RTTNews - Federal Reserve Chairman Ben Bernanke told the House Committee on the Budget Wednesday that the economic contraction may be slowing, although there will likely be a significant increase in job losses and unemployment in the next few months. He also warned of the potentially dire consequences of allowing the deficit to remain high, and called on Congress to consider long-term steps for fiscal balance.
According to the latest data, there will likely be sizable job losses and further increases in unemployment are likely over the next few months, Bernanke said in prepared testimony.
However, he added that the same data also suggests that the economy will likely slow its pace of contraction, on the back of improved consumer sentiment and consumer spending that has stopped its freefall and been relatively flat since January.
Nonetheless, a number of factors are likely to continue to weigh on consumer spending, among them the weak labor market, the declines in equity and housing wealth that households have experienced over the past two years, and still-tight credit conditions, the Fed Chairman added.
Activity in the embattled housing market has suggested some signs of bottoming, Bernanke added. Specifically, sales of existing homes have stabilized, and sales of new homes have flattened although both remain at depressed levels.
Overall the Fed Chairman reiterated his forecast that economic activity will turn up later in 2009. However, even after Gross Domestic Product turns positive, the recovery is likely to be slow as the unemployment rate continues to rise even after economic growth resumes.
We expect that the recovery will only gradually gain momentum and that economic slack will diminish slowly, Bernanke said.
Inflation is expected to remain low in the face of sizable economic slack, and is likely to move down even further over the next year. But the further declines should be limited, Bernanke added, in the face of an improving economy and stable inflation expectations.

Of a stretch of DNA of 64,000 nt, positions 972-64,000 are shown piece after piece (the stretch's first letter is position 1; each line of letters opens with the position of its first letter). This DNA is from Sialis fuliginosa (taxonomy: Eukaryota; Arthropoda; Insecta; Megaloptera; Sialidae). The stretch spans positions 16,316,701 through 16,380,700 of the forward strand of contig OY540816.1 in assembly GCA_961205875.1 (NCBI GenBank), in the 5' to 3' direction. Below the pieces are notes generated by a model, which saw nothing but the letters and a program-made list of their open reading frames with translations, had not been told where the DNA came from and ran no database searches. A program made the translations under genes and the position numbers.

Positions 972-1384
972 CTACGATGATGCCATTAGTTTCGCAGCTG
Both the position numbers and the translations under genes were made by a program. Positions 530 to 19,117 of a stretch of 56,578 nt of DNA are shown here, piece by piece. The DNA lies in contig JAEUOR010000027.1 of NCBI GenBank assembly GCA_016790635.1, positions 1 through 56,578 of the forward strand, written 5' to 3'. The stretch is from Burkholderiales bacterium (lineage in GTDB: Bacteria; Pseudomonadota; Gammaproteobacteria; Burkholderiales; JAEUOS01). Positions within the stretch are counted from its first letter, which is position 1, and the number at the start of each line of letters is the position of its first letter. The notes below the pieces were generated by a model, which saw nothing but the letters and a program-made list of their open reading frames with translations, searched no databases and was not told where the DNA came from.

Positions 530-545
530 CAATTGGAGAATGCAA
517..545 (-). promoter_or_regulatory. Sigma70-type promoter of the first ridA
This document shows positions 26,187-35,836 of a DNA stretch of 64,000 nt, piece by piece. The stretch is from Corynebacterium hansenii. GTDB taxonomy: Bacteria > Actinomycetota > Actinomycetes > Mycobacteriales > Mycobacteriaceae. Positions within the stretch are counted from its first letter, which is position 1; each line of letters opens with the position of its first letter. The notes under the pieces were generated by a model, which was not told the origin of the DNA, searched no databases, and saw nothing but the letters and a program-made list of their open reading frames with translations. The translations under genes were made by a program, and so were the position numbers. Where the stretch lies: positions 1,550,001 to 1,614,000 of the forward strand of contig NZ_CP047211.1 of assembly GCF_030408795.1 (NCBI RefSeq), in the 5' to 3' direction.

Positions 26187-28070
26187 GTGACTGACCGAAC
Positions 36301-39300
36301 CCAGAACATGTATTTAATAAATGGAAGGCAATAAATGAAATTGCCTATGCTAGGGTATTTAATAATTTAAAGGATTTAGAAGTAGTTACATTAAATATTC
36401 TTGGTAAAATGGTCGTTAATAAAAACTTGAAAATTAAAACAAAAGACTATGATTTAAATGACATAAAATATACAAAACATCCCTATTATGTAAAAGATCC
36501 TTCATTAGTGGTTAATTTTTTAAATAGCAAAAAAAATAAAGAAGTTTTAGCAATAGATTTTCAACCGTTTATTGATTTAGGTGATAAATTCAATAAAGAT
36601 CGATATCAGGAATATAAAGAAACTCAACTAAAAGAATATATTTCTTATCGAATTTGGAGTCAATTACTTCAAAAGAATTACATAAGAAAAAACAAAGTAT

While financial markets remain stressed, Bernanke pointed out several areas that show stabilization, helped in part by the Federal Reserve lending programs. Evidence of stabilization is found in a decreased demand for the lending programs, an encouraging sign.
Bernanke also commented on the staggering deficit, estimated at $1.8 trillion in 2009, $1.3 trillion in 2010, and $900 billion in 2011. He warned that it is dangerous to sustain that level of deficit in the long term, and called on Congress to begin planning now for the restoration of fiscal balance.
Addressing the country's fiscal problems will require a willingness to make difficult choices, he warned. In the end, the fundamental decision that the Congress, the Administration, and the American people must confront is how large a share of the nation's economic resources to devote to federal government programs, including entitlement programs.
In particular, over the longer term, achieving fiscal sustainability--defined, for example, as a situation in which the ratios of government debt and interest payments to GDP are stable or declining, and tax rates are not so high as to impede economic growth--requires that spending and budget deficits be well controlled, he added.
While the recession poses a formidable challenge to the Obama administration and Congress, Bernanke urged that the near-term concern of economic recovery not cloud the long-term goal of reducing the deficit.
Unless we demonstrate a strong commitment to fiscal sustainability in the longer term, we will have neither financial stability nor healthy economic growth, he warned.
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